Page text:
The audible pop from high-velocity thrust manipulation and outcome in individuals with low back pain
Objective: To determine the relationship between an audible pop with spinal manipulation and improvement in pain and function in patients with low back pain. Methods: In this pragmatic study, 70 patients from a multicenter clinical trial were randomly assigned to receive high-velocity thrust manipulation and included in this secondary analysis. Patients were managed in physical therapy twice the first week, then once a week for the next 3 weeks, for a total of 5 sessions. A single high-velocity thrust manipulative intervention purported to affect the lumbopelvic region was used during the first two sessions. Therapists recorded whether an audible pop was heard by the patient or therapist. Outcome was assessed with an 11-point pain rating scale, the Oswestry Disability Questionnaire, and measurement of lumbopelvic flexion range of motion. Repeated measures analyses of variance were used to examine whether achievement of a pop resulted in improved outcome. Results: An audible pop was perceived in 59 (84%) of the patients. No differences were detected at baseline or at any follow-up period in the level of pain, the Oswestry score, or lumbopelvic range of motion based on whether a pop was achieved (P > .05). The odds ratios and 95% confidence intervals for achieving a successful outcome at each of the follow-up periods all approximated a value of 1, suggesting no improvement in the odds of successful outcome among patients in which an audible pop occurred. Conclusions: The results of this pragmatic study suggest that a perceived audible pop may not relate to improved outcomes from high-velocity thrust manipulation for patients with nonradicular low back pain at either an immediate or longer-term follow-up. Copyright © 2006 by National University of Health Sciences.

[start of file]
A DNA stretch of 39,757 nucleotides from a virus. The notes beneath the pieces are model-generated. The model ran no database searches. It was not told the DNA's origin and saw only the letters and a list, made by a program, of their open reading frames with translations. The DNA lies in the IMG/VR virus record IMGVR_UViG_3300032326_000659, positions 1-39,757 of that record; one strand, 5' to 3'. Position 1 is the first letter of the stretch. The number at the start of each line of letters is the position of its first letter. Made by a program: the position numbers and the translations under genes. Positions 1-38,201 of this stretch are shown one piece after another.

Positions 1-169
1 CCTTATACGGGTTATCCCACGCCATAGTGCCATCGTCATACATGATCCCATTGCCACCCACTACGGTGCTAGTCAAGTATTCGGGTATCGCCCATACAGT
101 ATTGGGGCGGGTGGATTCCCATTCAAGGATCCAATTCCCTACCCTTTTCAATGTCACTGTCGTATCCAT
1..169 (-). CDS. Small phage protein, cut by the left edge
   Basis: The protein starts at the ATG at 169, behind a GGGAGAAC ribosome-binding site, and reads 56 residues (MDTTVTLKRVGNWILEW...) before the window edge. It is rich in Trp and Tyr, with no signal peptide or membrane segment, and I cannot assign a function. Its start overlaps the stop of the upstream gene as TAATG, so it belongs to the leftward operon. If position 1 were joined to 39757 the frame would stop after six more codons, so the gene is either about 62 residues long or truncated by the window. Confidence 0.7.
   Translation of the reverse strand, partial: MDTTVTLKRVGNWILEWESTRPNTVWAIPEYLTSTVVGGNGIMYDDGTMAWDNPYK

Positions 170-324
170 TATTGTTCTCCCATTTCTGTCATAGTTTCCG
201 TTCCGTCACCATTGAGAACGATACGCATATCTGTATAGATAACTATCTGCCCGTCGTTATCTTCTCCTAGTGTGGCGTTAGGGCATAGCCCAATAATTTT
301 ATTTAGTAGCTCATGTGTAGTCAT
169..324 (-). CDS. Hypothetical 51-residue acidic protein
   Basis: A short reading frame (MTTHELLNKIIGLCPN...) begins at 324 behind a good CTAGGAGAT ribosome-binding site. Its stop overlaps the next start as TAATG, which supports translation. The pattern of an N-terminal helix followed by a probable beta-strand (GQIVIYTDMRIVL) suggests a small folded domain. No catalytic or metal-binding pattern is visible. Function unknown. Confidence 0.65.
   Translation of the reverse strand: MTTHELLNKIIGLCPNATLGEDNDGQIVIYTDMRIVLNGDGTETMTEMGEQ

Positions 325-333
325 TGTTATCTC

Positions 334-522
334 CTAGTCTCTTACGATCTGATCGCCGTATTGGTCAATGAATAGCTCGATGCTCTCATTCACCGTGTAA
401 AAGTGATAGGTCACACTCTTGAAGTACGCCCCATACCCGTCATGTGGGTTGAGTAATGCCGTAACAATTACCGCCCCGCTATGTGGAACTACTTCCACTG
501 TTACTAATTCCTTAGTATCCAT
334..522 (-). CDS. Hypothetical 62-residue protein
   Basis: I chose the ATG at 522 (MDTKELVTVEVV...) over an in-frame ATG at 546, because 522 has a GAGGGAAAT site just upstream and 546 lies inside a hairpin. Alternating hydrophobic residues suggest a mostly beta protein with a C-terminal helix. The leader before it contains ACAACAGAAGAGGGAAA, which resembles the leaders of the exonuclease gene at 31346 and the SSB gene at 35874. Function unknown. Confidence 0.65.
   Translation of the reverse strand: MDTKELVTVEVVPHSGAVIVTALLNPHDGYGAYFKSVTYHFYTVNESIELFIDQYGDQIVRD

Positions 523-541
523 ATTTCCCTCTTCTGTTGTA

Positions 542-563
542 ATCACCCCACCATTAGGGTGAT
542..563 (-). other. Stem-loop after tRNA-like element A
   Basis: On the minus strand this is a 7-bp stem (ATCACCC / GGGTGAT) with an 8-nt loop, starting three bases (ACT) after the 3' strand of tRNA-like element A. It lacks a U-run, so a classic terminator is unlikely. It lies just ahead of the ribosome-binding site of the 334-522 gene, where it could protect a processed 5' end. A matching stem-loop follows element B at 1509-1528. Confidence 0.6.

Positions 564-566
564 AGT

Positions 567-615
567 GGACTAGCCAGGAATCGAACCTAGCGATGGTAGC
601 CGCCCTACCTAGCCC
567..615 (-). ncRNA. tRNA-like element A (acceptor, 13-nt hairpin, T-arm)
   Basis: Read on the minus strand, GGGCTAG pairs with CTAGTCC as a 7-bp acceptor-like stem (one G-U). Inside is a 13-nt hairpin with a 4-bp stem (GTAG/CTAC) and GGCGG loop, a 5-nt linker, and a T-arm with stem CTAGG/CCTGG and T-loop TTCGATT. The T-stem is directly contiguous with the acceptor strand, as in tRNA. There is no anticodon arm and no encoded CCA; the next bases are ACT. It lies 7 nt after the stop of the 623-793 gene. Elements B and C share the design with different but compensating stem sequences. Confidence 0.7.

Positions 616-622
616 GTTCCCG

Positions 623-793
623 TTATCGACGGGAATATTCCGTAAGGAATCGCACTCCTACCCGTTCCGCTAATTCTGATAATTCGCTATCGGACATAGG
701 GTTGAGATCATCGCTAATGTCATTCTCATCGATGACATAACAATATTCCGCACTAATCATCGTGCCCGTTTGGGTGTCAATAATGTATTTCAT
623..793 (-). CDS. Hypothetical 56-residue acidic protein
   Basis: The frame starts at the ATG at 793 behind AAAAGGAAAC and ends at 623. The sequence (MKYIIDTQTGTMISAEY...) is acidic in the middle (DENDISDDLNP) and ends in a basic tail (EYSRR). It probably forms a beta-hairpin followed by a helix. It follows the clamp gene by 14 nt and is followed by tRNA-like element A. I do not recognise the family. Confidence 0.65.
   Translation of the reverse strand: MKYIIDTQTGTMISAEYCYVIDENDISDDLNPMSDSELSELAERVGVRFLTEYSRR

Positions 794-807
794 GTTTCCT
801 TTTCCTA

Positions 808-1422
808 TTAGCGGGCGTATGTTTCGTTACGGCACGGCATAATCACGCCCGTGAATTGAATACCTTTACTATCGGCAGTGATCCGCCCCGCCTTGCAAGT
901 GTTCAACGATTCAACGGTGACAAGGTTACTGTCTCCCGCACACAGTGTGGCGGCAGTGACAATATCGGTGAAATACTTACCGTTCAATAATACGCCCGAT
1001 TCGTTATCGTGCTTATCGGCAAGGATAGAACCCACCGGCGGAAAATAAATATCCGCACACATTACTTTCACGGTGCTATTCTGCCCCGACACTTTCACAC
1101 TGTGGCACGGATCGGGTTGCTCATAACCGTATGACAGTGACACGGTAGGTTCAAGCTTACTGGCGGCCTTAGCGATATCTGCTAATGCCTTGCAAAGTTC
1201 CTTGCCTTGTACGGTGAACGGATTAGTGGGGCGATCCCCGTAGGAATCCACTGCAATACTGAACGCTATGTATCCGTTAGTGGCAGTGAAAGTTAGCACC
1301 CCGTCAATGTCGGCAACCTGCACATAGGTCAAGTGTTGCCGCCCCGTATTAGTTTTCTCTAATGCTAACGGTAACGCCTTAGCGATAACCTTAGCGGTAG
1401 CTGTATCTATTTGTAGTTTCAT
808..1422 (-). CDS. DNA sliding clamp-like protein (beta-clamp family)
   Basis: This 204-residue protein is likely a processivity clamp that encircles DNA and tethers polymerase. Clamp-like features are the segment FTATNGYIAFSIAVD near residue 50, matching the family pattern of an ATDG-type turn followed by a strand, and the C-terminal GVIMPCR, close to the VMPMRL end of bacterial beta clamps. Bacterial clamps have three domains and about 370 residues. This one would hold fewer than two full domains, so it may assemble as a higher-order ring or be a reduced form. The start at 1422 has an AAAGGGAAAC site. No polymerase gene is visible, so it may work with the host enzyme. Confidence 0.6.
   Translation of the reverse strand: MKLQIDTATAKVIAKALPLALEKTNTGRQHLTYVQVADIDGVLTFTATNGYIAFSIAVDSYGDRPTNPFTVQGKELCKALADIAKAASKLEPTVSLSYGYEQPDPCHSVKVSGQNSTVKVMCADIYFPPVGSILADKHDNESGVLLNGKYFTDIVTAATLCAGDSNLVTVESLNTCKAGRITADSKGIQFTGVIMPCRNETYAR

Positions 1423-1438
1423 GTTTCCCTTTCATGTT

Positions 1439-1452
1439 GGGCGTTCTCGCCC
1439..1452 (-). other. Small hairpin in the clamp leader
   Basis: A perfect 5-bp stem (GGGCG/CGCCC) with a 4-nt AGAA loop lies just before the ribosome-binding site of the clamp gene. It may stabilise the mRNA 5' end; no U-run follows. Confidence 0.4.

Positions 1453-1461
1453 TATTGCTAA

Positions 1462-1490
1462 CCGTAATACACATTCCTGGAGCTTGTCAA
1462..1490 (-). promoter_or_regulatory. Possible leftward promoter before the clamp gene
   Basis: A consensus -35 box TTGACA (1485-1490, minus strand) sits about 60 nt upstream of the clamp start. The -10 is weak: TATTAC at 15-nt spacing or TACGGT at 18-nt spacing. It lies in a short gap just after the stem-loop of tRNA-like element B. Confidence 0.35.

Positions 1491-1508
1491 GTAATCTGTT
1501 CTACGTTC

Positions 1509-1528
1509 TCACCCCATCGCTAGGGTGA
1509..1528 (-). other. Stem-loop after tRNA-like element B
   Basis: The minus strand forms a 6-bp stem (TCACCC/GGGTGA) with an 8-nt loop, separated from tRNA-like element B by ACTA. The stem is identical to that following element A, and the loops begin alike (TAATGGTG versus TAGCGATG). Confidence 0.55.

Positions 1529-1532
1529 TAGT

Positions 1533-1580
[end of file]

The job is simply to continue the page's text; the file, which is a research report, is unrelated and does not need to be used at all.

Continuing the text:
Flynn, Timothy W.; Childs, John D.; and Fritz, Julie M., "The audible pop from high-velocity thrust manipulation and outcome in individuals with low back pain" (2006). Regis University Faculty Publications. 1104.